Sunday 26 April 2020


South Africa’s main opposition on Friday criticised that country’s Public Works and Infrastructure minister for the massive expenditure amounting to R37 million for the construction of a 40km Beibridge border fence that was quickly damaged.
“South African taxpayers have forked out a whopping R37 million for what is effectively a ‘washing line’ to keep Covid-19 from reaching South Africa from Zimbabwe.

“Almost R1 million per kilometre was spent on a 1.8-metre-high wire fence meant to halt illegal border crossings into South Africa along the Beitbridge border post,” said the Democratic Alliance’s Samantha Graham-Maré.

Graham-Maré said the announcement by Patricia de Lille (pictured right), that repairs totalling R37m would be effected to 40km of the border fence, should have signalled a new era in tackling South Africa’s “almost non-existent border” with Zimbabwe.

“It would have ensured that kilometres of fencing stolen for animal kraals around the Beitbridge border area would have been replaced and restored,” she said.
“According to the minister, all emergency procurement protocols had been adhered to.  “A contractor had been duly appointed to do a fast-track job to secure our country against the movement of undocumented illegals with the potential to infect South Africans.

“Regrettably, within days, pictures emerged of gaping holes in the new fence. Reports of stolen fence posts followed.

“The minister responded that there would be increased security around the fence to ensure that there were no more breaches. “What sort of border fence did we procure that required its own security?

“What quality of material was used that it can barely withstand a wire-cutter, and who drafted the specifications for this fence?

“A game fence on an ordinary game farm stands between 1.8 metres and 2.4 metres high.”

The DA pointed out that a border fence, such as the one erected on the Morocco-Spain border, was6m high.

“This border fence, costing R37 million, should be impenetrable — and built to last. It clearly is not.

“The minister has subsequently backtracked on her earlier assertions that the appointment of Caledon River Properties trading as Magwa Construction was within the procurement guidelines of the declared national state of disaster,” said Graham-Maré.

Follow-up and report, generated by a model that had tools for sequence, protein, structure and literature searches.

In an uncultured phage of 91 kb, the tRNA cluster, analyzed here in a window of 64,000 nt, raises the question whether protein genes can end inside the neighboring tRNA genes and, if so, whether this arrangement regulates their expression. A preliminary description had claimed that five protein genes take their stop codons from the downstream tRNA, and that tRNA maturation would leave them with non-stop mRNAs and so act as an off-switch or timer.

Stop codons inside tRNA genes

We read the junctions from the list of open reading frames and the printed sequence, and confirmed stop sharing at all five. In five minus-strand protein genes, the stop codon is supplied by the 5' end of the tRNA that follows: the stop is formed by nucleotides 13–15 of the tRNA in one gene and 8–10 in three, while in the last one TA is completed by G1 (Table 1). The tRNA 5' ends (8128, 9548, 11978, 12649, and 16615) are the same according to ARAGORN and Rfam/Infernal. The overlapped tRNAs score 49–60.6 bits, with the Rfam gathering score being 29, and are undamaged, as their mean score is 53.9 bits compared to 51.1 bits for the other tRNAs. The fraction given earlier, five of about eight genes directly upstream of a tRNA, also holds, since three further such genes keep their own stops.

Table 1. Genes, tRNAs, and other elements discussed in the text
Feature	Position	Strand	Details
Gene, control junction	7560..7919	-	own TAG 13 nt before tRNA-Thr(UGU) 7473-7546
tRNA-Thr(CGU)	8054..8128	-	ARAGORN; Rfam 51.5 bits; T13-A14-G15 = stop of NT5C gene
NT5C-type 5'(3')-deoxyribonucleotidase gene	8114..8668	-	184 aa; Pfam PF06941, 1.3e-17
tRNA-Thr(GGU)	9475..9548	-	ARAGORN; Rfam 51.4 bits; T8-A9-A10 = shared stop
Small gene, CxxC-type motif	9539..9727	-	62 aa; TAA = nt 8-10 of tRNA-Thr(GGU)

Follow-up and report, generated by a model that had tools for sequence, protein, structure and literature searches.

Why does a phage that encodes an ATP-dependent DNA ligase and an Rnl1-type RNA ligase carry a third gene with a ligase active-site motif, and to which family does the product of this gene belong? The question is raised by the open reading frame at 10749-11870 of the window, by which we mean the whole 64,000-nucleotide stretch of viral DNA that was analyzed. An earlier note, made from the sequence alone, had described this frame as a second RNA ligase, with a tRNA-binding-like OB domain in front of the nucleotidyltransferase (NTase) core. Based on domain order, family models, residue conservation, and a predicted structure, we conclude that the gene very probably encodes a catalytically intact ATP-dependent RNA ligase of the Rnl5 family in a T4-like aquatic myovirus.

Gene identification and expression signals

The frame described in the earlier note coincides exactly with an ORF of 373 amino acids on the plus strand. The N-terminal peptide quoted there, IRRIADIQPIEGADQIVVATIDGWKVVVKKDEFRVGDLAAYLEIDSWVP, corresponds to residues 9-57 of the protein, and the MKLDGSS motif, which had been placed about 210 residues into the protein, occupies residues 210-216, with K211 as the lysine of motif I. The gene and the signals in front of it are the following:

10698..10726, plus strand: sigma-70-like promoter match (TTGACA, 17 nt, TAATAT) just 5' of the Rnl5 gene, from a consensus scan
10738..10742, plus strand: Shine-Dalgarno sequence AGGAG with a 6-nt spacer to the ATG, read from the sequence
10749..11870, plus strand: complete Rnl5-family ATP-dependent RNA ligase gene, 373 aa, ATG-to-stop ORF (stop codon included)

“In addition, the department has admitted to having deviated from procurement processes by appointing Magwa Construction through a nomination process.

“After stoically defending the appointment, the minister has now requested an audit into the entire project by the attorney-general.

“We can only hope that their audit will also reveal the basis on which Magwa Construction was selected above other, more well-known companies.”

On Friday, the DA said it had submitted questions to De Lille about the appointment of the contractor as well as the specifications of the fence and the value for money that South African taxpayers received.

“If the purpose of the fence was merely a temporary cessation of the influx of illegal immigrants to protect our populace against Covid-19, then perhaps the fence built would have been sufficient.

“But it was not. It has been hailed as the new border fence between South Africa and Zimbabwe,” said Graham-Maré.

“Sadly, minister de Lille’s fence is a R37 million band-aid on a bullet wound.

“If we are going to protect our borders, we need a ‘snake of fire’, not a washing line costing almost R1 million per kilometre.”

In March, de Lille announced that the construction of a new fence at the Beitbridge border between South Africa and Zimbabwe was beginning and would be completed within 40 days.

“In terms of Section 27 (2) (l) of the Disaster Management Act, No. 57 of 2002, I have invoked emergency procurement procedures in relation to the erection and repairs of the border fences, east and west of the Beitbridge border post,” De Lille said at the time.

The step followed President Cyril Ramaphosa’s address to the nation when he declared a national state of disaster in response to the global Covid-19 pandemic, saying that the country’s borders would be secured.



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